Exploring Skill Ecosystems in the Australian Meat Processing Industry: Unions, Employers and Institutional Change

By Cooney, Richard; Jerrard, Marjorie et al. | The Economic and Labour Relations Review : ELRR, December 2010 | Go to article overview

Exploring Skill Ecosystems in the Australian Meat Processing Industry: Unions, Employers and Institutional Change


Cooney, Richard, Jerrard, Marjorie, Donohue, Ross, Kimberley, Nell, The Economic and Labour Relations Review : ELRR


Introduction

The connections between vocational skill development and the labour market are complex. The institutional frameworks for skill development vary in different countries, states and regions and exist alongside differing labour market structures in occupations and industries. Much of the research into vocational skill development seeks to understand the impact of institutional frameworks on labour market outcomes, but some recent work seeks to go beyond the study of institutions to examine the more informal social arrangements that underpin skill development (Crouch 2005).

One recent development has involved the study of skill ecosystems in clusters of high technology firms. The focus here has been to study the conditions underpinning high skill development so that more appropriate policies for the development of high skills in new industries can be put in place. Such policies are important underpinnings of the development of new industries and provide support for the use of new technology to improve the competitiveness of firms, localities and regions (Finegold 1999).

The attractions of studying new and emerging industries as a source of renewed competitiveness are obvious, but equally the concept of a skill ecosystem should help to explain how the competitiveness of better established and more mature industries is supported or endangered, or can be promoted, through appropriate policy action. Recent work in Australia demonstrates that the concept of a skill ecosystem can indeed have a wider application, taking in mature as well as emergent industries and low technology industries as well as high technology ones. The utility of the concept is that it has a range of applications and has now been incorporated into the language of policy making and program delivery for vocational training in Australia (Hall and Lansbury 2006; Payne 2008).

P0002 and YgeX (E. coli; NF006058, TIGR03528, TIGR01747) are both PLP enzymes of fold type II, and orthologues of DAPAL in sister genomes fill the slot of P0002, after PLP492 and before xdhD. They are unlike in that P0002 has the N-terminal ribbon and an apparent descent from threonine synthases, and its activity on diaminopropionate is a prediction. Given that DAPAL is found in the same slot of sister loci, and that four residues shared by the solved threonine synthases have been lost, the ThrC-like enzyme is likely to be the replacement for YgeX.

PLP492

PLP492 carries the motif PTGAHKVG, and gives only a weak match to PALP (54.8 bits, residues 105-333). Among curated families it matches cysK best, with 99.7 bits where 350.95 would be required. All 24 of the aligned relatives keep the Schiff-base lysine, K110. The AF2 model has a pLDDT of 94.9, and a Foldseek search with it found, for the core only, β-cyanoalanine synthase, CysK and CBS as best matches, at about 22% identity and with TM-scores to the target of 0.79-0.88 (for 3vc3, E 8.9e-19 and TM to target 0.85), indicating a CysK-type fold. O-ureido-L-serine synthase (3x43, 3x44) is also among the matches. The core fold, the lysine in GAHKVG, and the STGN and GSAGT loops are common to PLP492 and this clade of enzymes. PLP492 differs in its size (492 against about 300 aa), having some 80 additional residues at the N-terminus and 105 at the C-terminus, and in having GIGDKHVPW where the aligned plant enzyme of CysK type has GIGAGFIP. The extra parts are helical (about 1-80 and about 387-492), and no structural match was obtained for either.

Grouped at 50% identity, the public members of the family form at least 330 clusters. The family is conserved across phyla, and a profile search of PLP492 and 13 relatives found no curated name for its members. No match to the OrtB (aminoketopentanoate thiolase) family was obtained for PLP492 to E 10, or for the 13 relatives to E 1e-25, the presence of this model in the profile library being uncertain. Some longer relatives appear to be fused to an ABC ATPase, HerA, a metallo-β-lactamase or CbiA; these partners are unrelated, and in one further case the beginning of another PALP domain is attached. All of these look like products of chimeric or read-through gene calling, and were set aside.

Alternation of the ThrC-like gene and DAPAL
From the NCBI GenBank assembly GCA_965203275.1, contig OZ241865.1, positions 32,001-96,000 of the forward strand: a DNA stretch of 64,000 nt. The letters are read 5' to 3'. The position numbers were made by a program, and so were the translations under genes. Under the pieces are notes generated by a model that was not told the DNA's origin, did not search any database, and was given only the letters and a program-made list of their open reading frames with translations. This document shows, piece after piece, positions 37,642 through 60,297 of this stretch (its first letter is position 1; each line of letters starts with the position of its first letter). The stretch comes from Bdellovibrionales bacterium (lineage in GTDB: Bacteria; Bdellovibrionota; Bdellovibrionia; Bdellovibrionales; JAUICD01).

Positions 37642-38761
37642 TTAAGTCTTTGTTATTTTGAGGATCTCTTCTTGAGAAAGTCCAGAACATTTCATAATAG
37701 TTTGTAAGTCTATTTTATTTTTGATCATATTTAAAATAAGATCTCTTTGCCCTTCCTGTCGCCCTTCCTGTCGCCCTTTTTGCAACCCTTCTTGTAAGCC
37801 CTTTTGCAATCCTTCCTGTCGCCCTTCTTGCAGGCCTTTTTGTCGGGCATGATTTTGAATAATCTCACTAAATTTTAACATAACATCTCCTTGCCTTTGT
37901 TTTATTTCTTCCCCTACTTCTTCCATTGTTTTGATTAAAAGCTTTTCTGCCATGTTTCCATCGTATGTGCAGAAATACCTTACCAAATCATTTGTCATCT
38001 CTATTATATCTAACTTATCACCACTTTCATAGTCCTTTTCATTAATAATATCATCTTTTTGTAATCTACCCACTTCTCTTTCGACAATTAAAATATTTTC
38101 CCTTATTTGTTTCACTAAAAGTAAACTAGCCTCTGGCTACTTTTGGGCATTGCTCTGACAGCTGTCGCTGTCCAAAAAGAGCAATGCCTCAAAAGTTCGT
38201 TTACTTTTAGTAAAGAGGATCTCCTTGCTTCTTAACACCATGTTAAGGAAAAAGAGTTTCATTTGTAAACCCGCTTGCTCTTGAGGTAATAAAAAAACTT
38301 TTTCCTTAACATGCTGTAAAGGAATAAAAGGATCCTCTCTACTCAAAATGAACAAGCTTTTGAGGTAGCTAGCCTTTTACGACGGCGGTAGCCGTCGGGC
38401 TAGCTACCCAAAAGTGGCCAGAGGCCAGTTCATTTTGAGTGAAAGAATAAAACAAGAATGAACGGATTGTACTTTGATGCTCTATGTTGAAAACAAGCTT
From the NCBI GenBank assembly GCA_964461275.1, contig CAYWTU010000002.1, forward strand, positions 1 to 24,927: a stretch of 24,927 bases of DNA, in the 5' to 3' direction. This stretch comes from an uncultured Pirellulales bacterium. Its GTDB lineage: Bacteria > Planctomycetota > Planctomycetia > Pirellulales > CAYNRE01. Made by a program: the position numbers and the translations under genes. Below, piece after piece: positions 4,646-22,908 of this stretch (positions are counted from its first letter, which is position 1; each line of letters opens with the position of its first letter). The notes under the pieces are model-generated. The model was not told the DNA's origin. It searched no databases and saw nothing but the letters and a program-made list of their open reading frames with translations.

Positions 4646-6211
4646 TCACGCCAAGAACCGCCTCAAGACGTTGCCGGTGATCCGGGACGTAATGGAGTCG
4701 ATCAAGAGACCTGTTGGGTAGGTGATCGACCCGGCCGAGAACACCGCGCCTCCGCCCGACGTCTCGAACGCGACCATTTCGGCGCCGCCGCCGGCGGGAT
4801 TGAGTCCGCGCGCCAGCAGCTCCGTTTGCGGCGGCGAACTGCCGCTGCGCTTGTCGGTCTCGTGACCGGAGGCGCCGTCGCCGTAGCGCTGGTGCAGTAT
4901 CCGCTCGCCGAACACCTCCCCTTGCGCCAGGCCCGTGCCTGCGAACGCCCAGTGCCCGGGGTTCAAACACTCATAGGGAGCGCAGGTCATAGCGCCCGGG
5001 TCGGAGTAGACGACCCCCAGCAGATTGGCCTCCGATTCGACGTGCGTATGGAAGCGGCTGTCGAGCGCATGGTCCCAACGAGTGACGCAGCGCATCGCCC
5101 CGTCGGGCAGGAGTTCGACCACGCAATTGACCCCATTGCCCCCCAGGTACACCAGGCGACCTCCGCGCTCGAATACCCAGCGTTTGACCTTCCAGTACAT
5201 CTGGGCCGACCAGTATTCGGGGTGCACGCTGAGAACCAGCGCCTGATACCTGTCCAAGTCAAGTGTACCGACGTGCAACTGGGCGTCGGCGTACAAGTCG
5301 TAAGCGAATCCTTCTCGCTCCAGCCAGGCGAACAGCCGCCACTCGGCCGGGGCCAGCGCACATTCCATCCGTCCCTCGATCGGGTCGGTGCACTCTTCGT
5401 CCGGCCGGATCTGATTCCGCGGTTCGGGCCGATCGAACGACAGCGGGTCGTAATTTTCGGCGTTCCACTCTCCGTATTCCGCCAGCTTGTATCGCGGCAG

This article applies the skill ecosystem concept to the meat processing industry in Australia to study the dynamics of change in skill development within the industry. The article firstly discusses the concept of a skill ecosystem and then the methodology of the study is given. The article then demonstrates how the concept of a skill ecosystem can be applied to a mature, low technology industry such as meat processing. The article outlines the way in which formal institutional change has disrupted the existing skill ecosystem in the industry and this leads into a discussion of the implications of these changes, both for the concept of a skill ecosystem and for skill development in the meat processing industry itself.

Defining Skill Ecosystems

The concept of a skill ecosystem is an emergent one, first created to characterise the mechanisms for skill development in clusters of high technology firms such as those found in Silicon Valley. The concept has drawn upon and contributed to a new body of work examining relationships between firms in regions and localities in the knowledge economy. Where other new concepts of inter-firm relationships in the new economy--concepts such as that of the local production system--examine a range of business inputs, the ecosystem notion focuses centrally upon skill development in its broadest sense. Skill ecosystems examine connections between the formal and informal organisation of learning and among learning, employability and employment. Notwithstanding its clear focus, the skill ecosystem concept shares much in common with other concepts of inter-firm relationships in the new economy. It shares the idea that institutions fulfil a structuring and enabling role rather than a defining role in skill development, the view that formal and informal networks of relationships are significant when examining skill development, and the conviction that location makes a difference to skill development, influencing interactions within networks and between networks and institutions (Belussi 1996; Cooke and Morgan 2000; Crouch et al. …

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